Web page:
Manual Save System in Chapbook

Twine: 2.7.1
Chapbook: 1.2.3

I’m writing a rather long story in Chapbook, and came to the realization that I’d like to give players the ability to manually save their progress. Chapbook doesn’t immediately support this, and as far as I can tell, nobody else has raised this question yet. I thought of asking this forum how I might go about making it possible—then realized right away how it could be done.

I’m using two separate passages to construct a save system. What I want to do is save the state of all the game’s variables, as well as the passage that the player saves on. Certain passages in the game will act as checkpoints; on these passages, the footer displays a link to the passage which acts as the first half of the save system. I named it the save panel. In it, every variable I want to save is given an identical equivalent. I’m doing this by means of a hugely original naming system. Example: save.variable: variable. Once the player navigates to this passage, the state of all the game’s variables is captured this way.

But then how do I record which passage the player came from, so that they can be returned to it when they load a save? Through the variable save.checkpoint, which has a unique value for each possible checkpoint passage where the option to save progress is presented. I set it up the same way as the other variables, with checkpoint set in the vars section of the checkpoint passage, and save.checkpoint recording it.

So let’s say the player reaches an ending of the game, maybe an unsatisfactory one. Or maybe completes the game and wants to go back to make some rash decisions. They decide that, rather than playing through perhaps half of the game, they’d like to load their saved progress. The title screen will have the option to load a save. But note: the first passage of the game is not the title screen, it’s a short bit of introductory text that links to the title screen. In this first passage, save is set to false. The “save panel” passage sets it to true. So if the player hasn’t saved any progress, there won’t be any option on the title screen to load a save. If they have, then there is!

Great. How do we actually load a save?

That’s where the second half of the save system comes in. The loading passage takes all those save.variables and converts them back into variables. Based on the value of save.checkpoint, it displays a link to the passage from which the save data was taken. I also set up some flavor text based on the values of other variables, to provide a bit of context for players returning to the situation of that passage.

Some of this still needs to be tested ingame. And a note: none of the checkpoints have vars sections which modify any game variables—because, otherwise, upon returning to them by loading a save, it would be like playing the passage twice. I don’t want those variables to be modified a second time, which would throw off the player’s progress.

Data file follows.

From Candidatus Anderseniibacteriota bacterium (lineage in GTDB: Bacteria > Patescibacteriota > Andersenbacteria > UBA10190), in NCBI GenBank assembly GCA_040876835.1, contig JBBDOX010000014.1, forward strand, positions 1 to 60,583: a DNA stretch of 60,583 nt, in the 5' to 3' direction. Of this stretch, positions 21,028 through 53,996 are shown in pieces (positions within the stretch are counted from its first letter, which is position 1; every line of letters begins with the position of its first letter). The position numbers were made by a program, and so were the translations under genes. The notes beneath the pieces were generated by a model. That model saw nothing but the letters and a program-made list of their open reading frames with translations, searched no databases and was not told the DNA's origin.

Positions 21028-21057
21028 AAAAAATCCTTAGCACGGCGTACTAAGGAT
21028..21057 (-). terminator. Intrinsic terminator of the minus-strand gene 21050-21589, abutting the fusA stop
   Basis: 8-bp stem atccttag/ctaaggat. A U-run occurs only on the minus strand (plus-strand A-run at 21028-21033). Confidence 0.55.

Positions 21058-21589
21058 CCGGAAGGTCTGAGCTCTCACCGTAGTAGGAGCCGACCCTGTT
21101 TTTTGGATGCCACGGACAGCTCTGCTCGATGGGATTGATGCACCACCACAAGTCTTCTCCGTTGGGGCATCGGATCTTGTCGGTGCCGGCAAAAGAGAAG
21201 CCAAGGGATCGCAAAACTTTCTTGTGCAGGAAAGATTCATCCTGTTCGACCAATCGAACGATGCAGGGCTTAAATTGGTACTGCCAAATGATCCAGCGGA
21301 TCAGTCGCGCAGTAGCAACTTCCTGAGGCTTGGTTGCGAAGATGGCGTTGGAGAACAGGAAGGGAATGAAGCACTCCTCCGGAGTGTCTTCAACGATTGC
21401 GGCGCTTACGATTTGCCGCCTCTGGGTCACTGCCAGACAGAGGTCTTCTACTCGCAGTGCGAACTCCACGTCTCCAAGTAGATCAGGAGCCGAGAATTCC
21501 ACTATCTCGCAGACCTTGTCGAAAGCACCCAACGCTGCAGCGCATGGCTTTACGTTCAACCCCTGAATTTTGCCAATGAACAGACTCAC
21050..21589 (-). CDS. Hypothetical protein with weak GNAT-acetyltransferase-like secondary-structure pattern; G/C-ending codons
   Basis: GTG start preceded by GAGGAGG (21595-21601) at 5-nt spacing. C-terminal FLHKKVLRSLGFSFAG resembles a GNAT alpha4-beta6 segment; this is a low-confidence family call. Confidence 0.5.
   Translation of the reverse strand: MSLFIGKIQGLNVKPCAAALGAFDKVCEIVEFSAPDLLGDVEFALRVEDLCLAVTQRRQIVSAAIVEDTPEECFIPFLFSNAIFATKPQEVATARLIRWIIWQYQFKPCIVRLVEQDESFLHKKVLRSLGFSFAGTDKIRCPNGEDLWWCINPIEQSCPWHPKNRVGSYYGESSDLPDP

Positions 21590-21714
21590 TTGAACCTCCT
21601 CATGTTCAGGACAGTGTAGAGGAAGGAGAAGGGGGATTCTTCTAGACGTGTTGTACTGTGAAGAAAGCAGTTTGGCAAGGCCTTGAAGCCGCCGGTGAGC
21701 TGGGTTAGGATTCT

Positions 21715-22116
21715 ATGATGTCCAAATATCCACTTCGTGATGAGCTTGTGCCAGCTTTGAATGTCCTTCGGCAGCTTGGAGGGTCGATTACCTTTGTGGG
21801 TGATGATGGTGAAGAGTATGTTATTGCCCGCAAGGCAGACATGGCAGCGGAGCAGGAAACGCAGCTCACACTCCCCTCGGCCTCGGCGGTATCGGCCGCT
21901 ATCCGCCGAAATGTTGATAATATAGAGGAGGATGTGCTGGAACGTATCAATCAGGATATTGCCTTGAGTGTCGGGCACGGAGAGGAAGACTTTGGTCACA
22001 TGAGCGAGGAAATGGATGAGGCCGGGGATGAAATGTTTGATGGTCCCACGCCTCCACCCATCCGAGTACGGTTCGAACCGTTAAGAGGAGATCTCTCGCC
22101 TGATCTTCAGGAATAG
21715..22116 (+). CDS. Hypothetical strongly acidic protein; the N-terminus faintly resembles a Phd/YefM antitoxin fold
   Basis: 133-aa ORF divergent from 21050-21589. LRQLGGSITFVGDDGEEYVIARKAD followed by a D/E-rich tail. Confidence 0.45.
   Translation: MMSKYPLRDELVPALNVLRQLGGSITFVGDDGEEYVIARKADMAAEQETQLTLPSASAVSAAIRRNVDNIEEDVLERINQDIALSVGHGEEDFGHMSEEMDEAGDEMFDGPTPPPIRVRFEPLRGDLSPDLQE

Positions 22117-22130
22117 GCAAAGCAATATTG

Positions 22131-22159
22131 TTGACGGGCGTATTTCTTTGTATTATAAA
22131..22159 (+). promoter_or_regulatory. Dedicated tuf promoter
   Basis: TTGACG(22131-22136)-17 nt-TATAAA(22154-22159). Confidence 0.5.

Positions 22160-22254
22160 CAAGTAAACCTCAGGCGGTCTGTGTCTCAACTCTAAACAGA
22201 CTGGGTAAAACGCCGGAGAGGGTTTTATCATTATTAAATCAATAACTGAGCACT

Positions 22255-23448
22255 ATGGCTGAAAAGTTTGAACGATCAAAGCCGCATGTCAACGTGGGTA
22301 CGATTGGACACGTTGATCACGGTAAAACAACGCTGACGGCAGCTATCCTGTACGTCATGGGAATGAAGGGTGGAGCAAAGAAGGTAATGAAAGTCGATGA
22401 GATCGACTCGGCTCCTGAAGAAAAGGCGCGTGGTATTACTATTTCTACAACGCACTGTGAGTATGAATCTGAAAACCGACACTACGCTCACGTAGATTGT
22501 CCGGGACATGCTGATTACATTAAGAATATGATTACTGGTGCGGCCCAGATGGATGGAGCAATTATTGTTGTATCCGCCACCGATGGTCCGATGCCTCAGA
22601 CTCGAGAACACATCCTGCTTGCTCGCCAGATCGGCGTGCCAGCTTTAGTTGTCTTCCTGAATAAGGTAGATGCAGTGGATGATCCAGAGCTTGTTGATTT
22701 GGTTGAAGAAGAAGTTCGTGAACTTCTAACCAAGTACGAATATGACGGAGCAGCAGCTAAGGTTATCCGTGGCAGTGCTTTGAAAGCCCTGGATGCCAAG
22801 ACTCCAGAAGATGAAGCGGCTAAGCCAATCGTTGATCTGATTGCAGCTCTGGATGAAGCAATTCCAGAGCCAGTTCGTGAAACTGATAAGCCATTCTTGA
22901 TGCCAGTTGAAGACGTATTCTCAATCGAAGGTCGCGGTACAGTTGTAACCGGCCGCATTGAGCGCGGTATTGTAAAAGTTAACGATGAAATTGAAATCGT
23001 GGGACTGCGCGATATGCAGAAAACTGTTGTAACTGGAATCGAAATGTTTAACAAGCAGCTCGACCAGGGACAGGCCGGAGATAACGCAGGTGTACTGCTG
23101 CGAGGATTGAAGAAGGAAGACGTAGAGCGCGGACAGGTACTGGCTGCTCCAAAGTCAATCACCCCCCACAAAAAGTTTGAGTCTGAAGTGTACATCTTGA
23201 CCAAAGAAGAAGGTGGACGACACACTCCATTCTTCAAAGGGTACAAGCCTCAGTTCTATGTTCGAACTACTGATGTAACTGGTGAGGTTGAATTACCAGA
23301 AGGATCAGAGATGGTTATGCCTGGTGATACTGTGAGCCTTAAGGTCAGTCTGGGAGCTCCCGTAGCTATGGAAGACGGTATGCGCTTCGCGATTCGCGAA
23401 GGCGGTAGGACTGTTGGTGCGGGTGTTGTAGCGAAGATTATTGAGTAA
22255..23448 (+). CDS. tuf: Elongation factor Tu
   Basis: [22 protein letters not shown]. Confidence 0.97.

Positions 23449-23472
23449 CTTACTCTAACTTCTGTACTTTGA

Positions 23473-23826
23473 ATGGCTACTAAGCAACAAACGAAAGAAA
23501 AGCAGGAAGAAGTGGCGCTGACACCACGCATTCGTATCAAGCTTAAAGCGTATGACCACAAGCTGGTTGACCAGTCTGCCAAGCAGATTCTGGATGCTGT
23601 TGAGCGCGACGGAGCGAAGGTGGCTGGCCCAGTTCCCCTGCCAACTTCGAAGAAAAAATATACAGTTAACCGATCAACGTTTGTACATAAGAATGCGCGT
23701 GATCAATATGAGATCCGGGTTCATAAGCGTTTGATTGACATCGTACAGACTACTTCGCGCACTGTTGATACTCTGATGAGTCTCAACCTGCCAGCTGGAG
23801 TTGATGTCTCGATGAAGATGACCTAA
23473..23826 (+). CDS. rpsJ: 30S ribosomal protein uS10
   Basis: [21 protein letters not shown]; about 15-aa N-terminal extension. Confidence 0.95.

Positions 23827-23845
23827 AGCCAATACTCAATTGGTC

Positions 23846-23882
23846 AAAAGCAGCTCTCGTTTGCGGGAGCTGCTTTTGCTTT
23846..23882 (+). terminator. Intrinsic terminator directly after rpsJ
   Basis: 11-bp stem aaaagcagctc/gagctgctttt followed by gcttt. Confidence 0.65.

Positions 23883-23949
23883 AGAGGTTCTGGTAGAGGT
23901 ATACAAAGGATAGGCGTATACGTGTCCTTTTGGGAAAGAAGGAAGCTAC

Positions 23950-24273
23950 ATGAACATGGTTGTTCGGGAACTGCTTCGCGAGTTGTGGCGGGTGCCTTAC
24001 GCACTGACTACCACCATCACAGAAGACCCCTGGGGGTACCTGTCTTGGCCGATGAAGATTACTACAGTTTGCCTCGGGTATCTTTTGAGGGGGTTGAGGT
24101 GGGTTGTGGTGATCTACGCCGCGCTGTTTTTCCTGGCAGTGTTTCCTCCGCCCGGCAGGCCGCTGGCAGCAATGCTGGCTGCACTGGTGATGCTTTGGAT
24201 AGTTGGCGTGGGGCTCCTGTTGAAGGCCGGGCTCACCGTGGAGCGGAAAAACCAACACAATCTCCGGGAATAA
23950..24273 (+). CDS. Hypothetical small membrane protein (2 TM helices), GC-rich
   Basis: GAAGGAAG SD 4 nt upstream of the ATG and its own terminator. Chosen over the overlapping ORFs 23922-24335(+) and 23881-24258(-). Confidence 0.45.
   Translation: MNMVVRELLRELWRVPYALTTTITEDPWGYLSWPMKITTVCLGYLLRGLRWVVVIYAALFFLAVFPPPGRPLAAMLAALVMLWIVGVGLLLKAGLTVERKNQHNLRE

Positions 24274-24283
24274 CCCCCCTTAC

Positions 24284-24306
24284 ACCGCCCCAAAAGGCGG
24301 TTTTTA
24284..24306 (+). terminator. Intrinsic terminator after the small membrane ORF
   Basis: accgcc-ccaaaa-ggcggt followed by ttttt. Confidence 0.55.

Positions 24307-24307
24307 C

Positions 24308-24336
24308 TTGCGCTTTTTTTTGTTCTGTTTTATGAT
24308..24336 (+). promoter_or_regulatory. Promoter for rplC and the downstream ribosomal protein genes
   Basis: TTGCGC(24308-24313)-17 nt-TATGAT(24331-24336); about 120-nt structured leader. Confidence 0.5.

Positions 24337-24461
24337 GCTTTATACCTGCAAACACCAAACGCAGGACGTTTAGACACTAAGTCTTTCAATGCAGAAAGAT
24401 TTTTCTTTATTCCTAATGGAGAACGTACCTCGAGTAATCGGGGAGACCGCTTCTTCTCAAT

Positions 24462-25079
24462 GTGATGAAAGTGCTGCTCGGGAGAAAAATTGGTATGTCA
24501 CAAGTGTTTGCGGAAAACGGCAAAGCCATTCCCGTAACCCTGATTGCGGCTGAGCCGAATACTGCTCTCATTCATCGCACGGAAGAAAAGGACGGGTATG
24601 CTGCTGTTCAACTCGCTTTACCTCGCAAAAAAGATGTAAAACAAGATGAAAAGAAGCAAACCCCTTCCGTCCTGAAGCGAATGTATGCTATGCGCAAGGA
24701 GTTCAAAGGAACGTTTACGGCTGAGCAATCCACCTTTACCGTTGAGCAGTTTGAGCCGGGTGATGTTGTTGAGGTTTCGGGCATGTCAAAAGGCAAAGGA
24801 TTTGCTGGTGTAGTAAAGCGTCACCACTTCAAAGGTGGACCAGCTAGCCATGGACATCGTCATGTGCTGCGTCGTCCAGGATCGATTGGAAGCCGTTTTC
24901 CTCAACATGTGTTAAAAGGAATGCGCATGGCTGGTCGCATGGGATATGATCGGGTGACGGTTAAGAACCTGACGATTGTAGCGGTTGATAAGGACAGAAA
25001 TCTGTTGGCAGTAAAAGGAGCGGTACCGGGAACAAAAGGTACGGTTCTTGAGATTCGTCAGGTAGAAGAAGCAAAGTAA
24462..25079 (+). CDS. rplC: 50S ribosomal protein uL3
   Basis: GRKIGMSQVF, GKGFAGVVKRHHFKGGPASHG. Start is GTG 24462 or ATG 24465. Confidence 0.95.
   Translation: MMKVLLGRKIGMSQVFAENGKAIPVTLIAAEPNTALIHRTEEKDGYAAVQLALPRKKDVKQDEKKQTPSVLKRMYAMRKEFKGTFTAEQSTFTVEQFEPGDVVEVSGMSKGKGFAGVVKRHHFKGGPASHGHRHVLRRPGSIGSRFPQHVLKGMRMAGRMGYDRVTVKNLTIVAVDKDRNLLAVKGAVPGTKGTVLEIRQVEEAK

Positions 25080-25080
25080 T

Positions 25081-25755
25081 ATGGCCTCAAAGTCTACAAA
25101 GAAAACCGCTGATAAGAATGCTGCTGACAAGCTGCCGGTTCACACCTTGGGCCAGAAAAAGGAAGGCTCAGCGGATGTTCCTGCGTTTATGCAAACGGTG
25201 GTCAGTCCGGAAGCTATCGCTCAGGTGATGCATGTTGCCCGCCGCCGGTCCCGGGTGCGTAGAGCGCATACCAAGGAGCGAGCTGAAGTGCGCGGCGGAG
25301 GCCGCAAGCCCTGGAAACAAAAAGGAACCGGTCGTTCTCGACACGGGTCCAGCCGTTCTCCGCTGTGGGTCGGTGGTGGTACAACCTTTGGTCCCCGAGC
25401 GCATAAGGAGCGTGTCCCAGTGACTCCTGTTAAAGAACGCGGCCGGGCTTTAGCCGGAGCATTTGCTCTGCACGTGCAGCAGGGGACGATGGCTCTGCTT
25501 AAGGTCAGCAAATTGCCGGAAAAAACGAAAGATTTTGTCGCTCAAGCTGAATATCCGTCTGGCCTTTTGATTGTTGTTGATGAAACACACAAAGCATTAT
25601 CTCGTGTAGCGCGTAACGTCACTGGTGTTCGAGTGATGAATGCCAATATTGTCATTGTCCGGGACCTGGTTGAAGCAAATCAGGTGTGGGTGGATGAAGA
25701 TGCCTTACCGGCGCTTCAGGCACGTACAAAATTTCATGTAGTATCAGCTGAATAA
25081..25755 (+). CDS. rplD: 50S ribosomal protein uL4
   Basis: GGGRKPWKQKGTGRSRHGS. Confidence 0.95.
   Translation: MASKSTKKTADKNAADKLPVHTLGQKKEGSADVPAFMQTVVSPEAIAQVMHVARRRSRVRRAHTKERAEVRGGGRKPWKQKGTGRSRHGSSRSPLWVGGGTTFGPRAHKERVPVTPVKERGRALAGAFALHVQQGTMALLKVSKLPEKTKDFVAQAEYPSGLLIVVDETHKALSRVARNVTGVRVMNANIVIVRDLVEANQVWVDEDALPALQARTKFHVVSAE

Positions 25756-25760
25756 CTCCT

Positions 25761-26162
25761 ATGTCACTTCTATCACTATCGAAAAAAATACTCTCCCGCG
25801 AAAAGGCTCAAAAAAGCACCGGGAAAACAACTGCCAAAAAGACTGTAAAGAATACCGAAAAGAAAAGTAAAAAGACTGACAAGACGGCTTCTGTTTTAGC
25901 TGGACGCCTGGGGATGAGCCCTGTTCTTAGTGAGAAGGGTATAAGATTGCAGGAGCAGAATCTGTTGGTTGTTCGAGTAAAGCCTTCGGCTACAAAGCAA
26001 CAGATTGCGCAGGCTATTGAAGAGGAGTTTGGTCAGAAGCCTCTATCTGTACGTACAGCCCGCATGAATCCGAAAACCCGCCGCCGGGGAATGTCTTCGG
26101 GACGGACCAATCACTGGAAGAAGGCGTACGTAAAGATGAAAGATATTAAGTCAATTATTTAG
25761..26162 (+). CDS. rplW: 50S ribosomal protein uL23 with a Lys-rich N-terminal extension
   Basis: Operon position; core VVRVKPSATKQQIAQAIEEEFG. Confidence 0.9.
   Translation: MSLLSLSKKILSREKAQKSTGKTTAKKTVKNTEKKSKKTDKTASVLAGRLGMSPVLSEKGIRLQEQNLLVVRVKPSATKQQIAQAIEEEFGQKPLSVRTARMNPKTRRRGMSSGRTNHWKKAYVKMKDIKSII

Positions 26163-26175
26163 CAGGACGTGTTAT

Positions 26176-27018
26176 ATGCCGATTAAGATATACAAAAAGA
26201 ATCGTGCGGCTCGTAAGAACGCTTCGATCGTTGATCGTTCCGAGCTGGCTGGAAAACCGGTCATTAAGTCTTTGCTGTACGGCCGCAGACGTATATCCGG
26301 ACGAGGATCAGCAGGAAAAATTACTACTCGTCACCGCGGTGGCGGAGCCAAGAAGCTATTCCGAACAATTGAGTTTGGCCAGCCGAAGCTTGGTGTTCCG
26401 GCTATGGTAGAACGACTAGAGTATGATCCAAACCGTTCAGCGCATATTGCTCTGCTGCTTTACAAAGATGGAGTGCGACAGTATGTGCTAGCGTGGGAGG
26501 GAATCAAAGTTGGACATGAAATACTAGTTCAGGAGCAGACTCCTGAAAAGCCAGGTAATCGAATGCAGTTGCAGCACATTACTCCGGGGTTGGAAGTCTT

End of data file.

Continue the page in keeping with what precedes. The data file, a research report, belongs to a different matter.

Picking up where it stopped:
There’s almost certainly an easier and more streamlined way to create a manual save system here. But I think it says something nice about Chapbook that I was able to construct one entirely within the confines of its native capabilities.

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Besides the Objects and Lookup Variables listed in the Chapbook documentation, its engine exposes an undocumented variable named trail.

This undocumented variable references a JavaScript Array that the engine uses to track the Name of each Passage visited, in the order they were visited.

So if during the current playthrough only three Passages named Home, Library, and Shops have been visited so far, then the Array in the trail variable will be…

['Home', 'Library', 'Shops']

…and if at that point the end-user transitioned to the Home Passage again, then the trail Array would change to…

['Home', 'Library', 'Shops', 'Home']

So this Array can be used to determine the Name of the Passage currently being visit, as well as the Name of any Passage previous visited.
eg. like the Passage that was visited directly before your “Save” related one.


Chapbook also has the seemingly convenient variable, which I thought about using, but since it’s not possible to evaluate expressions inside link inserts (such that [[{}]] isn’t viable), I couldn’t figure out a way to incorporate a direct transcription of the checkpoint passage name into the save system.